Summary of Teaching Experience

This summary of my teaching experience provides a brief description of the courses and texts that I have taught, clearly demonstrating my experience in teaching on a wide variety of political, social and cultural themes.

2012-2015, Sessional Instructor Simon Fraser University, School of Communication

3rd year: Evaluation Methods for Applied Communication Research (5 iterations)

Spanning the theory and methods of communication research, this course introduced students to research methods used to investigate mass mediated communication and communication infrastructures. Students design, develop and implement an original pilot study using at least two methods introduced in class. There are a number of themes in 362: the politics of social media activism; attitudes to indigenous struggles; gamification and the quantified care of the self; self-representation/s within the feminist movement; youth vultures and political representation; digital courtship practices; precarious labour in cultural industries. Based on these, or any other relevant themes, students choose and define a research problem, review relevant literature and propose researchable questions, then undertake fieldwork.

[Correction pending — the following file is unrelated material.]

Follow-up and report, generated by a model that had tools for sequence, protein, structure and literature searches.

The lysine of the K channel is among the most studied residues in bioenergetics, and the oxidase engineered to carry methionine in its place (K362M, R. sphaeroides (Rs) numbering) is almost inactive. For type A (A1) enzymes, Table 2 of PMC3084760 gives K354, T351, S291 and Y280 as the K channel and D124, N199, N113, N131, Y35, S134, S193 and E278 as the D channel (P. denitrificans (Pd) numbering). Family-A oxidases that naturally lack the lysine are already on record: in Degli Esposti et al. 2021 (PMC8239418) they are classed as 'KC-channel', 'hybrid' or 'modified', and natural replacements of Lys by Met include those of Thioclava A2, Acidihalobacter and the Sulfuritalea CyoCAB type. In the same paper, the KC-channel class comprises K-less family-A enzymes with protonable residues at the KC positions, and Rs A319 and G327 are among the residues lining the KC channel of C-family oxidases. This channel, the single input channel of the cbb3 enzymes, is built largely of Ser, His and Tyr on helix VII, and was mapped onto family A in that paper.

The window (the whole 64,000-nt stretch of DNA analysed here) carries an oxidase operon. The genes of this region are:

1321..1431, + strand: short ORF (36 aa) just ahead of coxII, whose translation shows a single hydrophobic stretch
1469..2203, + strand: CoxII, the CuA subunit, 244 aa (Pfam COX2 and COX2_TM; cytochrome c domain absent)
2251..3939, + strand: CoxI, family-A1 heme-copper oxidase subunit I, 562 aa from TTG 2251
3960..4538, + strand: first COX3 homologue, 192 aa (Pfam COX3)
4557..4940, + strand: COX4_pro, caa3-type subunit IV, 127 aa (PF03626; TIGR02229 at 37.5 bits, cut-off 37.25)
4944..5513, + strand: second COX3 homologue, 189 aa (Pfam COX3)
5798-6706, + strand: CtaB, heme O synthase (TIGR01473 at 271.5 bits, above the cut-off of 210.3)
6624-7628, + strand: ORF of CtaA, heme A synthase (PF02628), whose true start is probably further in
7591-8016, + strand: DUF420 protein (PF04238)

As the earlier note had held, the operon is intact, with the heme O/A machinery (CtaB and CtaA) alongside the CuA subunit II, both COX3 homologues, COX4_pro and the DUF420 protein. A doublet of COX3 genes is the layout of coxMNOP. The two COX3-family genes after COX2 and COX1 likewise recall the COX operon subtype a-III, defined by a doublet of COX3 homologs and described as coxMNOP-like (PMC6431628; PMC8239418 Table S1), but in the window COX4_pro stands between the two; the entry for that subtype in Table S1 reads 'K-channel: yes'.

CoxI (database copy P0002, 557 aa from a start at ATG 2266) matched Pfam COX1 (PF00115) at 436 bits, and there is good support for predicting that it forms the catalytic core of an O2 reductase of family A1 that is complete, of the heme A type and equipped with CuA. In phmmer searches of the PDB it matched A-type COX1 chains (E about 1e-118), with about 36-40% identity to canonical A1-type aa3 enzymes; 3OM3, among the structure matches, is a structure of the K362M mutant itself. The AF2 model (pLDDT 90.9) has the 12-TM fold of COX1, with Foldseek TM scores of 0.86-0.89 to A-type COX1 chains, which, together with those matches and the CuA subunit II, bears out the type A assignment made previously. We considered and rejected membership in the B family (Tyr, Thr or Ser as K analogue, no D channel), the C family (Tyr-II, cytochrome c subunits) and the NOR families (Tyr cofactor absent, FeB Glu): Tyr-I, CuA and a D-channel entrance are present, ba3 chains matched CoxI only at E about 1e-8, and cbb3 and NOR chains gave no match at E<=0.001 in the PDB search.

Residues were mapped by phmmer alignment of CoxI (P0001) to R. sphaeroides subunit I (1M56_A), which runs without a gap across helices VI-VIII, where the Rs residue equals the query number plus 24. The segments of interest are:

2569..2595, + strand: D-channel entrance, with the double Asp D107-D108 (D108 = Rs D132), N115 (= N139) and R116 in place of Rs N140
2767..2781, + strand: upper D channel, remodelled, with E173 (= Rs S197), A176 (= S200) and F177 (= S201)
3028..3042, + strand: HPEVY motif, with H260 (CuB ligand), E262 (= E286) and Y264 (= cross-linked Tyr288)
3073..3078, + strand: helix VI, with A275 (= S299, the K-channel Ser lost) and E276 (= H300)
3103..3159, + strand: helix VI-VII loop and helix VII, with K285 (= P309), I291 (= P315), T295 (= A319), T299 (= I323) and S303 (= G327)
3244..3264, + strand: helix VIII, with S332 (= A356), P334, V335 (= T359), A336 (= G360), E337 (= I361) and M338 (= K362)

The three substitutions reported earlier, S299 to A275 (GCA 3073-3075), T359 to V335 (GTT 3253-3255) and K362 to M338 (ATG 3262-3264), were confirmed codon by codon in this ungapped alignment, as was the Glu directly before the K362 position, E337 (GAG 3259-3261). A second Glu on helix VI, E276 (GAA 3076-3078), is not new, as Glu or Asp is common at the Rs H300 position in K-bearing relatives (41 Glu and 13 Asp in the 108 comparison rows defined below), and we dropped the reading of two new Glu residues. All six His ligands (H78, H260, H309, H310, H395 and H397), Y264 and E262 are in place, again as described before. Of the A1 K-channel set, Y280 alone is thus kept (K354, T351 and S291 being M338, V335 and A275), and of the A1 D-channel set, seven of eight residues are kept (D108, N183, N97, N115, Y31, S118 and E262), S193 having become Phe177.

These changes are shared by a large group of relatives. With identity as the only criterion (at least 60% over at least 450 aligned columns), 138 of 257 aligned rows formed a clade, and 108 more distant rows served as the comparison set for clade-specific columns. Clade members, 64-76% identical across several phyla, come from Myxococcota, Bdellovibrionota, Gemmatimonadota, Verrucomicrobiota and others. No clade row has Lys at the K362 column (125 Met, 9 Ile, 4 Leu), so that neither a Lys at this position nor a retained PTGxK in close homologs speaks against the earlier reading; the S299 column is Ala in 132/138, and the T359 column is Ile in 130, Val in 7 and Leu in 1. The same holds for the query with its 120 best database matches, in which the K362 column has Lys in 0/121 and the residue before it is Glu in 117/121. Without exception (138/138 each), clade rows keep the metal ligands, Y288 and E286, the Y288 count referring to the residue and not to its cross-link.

In addition to preparing and delivering the weekly lectures, setting essays and facilitating a seminar, and organizing a conference, I managed a tutor.

3rd year: Media and Modernity (4 iterations)